Research on adult learners in postsecondary settings aligns with these experiences. Adult undergraduate students make up a large, complex, and evolving student population that cannot be contained by a one-dimensional definition; adult undergraduates can include veterans, currently or formerly incarcerated persons, gig workers, retirees, parents of grown and young children, the un(der)employed, etc. Yet a one-dimensional age-based definition of adult undergraduate students—age 25 or older without a college degree—is what appears most consistently.5  Catch-all definitions of adult undergraduate students elide other characteristics—such as other axes of power and identity like race/ethnicity, ability, and gender, as well as other factors like delayed enrollment, part-time status, financial status, and family status—that are important to understanding who adult undergraduates are and how they experience (literacy) education.6 As such, this diverse student group has often been academically disenfranchised by structural oppression and inequities.7 These issues inform the deficit perspectives that undergird research on adult literacy and learners8 and how adults are supported in college writing classrooms—affecting their writerly self-efficacy.9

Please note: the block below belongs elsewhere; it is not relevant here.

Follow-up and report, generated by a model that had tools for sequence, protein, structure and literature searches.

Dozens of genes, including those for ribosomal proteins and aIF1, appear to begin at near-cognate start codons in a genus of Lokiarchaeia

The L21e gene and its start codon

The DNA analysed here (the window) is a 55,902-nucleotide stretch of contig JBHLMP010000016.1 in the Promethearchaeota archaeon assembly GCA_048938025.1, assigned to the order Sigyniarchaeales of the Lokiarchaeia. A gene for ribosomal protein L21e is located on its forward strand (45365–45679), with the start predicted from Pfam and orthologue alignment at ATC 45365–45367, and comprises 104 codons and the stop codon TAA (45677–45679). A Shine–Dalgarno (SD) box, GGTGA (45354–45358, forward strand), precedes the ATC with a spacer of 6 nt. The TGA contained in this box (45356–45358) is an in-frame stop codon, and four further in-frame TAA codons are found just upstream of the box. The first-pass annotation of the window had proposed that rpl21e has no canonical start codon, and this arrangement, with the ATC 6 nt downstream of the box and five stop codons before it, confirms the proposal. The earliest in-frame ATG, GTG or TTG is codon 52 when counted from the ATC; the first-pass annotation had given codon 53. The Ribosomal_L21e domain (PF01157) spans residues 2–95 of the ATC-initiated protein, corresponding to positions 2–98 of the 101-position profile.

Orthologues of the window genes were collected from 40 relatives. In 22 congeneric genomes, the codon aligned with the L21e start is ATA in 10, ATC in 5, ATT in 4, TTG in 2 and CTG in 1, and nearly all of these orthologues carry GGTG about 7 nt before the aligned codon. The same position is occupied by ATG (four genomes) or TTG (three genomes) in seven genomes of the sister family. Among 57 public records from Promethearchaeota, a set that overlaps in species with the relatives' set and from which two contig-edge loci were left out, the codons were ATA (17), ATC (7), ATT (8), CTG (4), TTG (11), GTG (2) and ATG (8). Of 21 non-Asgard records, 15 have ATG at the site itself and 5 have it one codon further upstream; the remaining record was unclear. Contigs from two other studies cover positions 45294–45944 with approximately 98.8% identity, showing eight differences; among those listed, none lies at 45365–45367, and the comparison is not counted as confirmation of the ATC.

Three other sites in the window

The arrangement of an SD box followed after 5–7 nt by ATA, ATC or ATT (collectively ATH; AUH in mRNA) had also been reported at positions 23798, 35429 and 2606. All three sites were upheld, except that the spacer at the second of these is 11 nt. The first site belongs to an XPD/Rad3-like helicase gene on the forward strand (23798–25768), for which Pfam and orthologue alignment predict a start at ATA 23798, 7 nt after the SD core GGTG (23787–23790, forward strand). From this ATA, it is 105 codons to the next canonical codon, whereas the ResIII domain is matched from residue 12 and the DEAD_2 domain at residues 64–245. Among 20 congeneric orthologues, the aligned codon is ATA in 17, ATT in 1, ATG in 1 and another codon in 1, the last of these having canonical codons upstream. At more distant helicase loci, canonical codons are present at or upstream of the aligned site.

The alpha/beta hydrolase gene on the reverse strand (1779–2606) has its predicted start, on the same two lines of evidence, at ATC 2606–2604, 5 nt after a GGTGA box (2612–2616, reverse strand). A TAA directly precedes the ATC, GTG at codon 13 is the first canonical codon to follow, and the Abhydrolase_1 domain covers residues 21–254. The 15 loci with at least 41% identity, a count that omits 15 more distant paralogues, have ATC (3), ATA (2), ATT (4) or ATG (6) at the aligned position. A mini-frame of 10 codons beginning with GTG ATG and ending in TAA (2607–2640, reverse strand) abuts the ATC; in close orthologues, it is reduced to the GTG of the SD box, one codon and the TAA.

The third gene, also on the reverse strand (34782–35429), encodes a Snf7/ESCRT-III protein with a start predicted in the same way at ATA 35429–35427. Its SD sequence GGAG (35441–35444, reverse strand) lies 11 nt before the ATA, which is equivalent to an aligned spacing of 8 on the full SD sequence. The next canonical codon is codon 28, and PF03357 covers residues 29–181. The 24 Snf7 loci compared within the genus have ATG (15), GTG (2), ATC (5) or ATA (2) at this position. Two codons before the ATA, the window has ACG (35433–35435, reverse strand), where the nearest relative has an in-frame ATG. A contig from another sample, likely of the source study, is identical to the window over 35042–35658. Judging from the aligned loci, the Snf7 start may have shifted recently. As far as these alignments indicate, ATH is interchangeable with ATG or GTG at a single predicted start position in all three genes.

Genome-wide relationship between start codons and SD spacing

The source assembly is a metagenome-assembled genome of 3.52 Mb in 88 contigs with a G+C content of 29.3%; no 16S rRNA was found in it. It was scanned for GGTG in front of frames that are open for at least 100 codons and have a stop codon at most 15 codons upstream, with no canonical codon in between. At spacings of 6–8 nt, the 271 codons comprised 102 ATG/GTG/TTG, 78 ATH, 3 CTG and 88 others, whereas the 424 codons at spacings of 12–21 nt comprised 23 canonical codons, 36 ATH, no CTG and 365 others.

This inspires my qualitative community-engaged research with a university-adjacent writing group for low-income adults. An approach that valued what my mom and brother brought to their college writing classrooms may have helped them develop a greater sense of belonging rather than forcing them to overcome imposter syndrome. Such an asset-based, inclusive approach to literacy instruction/learning is what guides the purpose and procedures of Our Writing Group (OWG), a space that meets members’ literacy desires. OWG enacts participatory pedagogies: writing pedagogies based in love, respect, and horizontal power relationships. PPs help OWG validate and affirm the literacy expertise and desires the group’s adult undergraduate members bring with them, which helps enhance OWG members’ writerly confidence. Findings from my research with this group support PPs as Culturally Sustaining Pedagogies (CSPs)10 conceptualized specifically for adults; PPs stem from a similar guiding question as CSPs,11 but as theorized by Paris and Alim, CSPs are predominantly conceptualized for youth.12 But what about the unique needs of adults who perhaps have been broken and/or made whole through education, whose opportunities to “survive and thrive”13 in education have been disenfranchised?